At present, this seems a bridge that ZTE will cross later.But Nokia must act fast if it is to avoid becoming the Novell of the handset sector.
Summary: Novell’s proprietary software under the magnifying glass
Novell’s Pulse has received a lot of attention upon its debut as a beta [1, 2, 3]. Pulse seems to be proprietary (there is no official word that we can find) and apart from some older coverage that we missed [1, 2], there is this introduction to new users.
In all the talk about New York financier Paul Singer’s plan to go all Gordon Gecko on Novell, one word has not been mentioned nearly enough.
Microsoft needs a viable Novell, and Novell’s Linux business was on the verge of becoming viable when Singer’s Elliott Associates swooped in with an offer to break up the company, seize its cash, split off the old NetWare business, and auction off Suse Linux.
I doubt Microsoft wants to actually buy that business. Owning a Linux would be a real complication. Suddenly all those patent cross-licenses that claim Microsoft has patent rights to the software take on a different odor, and Microsoft is forced to go down the SCO road to prove its claims.
Microsoft has been doing well against Linux through bluff. What the Elliott move does is threaten to make Microsoft show its hand.
Even the due diligence process could threaten Microsoft. Singer is going to get a look inside that 2006 agreement.
Microsoft’s friend Rob Enderle [1, 2, 3, 4, 5], who shilled for SCO and cursed its opposition for profit, says that “Another SCO Moment [is] Coming” (because of Novell). Given his proximity to Ballmer, maybe this is how Microsoft views it too. Novell has UNIX and it has many software patents. The ‘Microsoft press’ covered it too and one Microsoft booster over there says that these are “Exciting times in Waltham.”
Redmond too? One might suggest that on the one hand, Microsoft would benefit from having less competition in networking (except the fact that Novell may sell this bunch of assets). On the other hand, argues Peter Judge:
Why Microsoft Can’t Afford To Let Novell Die
Make no mistake – The hedge fund offer for Novell could effectively mean the end of the company. And Microsoft could suffer the worst, says Peter Judge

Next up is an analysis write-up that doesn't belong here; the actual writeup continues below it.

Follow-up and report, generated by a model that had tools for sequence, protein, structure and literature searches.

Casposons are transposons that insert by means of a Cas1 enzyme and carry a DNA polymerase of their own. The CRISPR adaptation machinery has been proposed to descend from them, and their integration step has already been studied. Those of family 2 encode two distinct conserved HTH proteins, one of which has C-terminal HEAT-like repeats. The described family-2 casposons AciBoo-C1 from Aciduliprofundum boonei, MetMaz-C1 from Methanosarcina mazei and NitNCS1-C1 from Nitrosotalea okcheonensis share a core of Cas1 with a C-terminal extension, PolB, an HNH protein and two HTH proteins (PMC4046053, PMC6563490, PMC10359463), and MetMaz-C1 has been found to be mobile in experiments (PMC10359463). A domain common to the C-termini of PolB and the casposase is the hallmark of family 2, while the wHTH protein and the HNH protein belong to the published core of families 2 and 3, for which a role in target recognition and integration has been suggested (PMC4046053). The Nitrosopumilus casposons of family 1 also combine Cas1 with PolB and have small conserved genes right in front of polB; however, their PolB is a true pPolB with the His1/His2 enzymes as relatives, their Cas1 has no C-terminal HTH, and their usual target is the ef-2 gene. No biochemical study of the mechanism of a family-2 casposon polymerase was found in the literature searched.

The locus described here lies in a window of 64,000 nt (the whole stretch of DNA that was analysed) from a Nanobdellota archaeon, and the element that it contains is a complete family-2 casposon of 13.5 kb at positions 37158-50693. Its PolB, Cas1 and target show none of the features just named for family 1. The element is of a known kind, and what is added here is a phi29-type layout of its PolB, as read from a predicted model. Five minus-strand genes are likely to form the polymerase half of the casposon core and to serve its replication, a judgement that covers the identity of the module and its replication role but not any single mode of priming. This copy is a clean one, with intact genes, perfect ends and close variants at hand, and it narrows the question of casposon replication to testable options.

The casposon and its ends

But Microsoft has staked any open source credibility that it has, on Novell’s SUSE distribution. If Novell falls to bits, then Microsoft’s efforts to gain open source cred pretty much disappear with it. It’s something that would have been impossible to imagine a few years back, but if we’re looking for someone to prop Novell up, Microsoft would now be a prime candidate.
Of course, given the hostility within the open source community towards Microsoft, Novell and the deal between them, as well as to Codeplex and other open source moves by Microsoft, there would be big questions about how commercially viable Novell would be within Microsoft. But Redmond would be looking at this as an essential purchase for credibility, not a profit centre.
Whoever makes a “White Knight” bid for Novell is going to have to move fast, because talent there is going to leave if it looks like the company will be broken up. And even if the Elliot deal goes through, there is still the possibility of deals behind the scenes, points out Updegrove. For instance, Elliot might agree to instantly sell on parts of Novell to a differnet player – say an IBM, a Microsoft or an Oracle – as soon as it seals a purchase for the whole company.
The Elliot bid is on the table and there is no going back. Novell, as we know it is going to end – and at this stage, we simply don’t know what will replace it.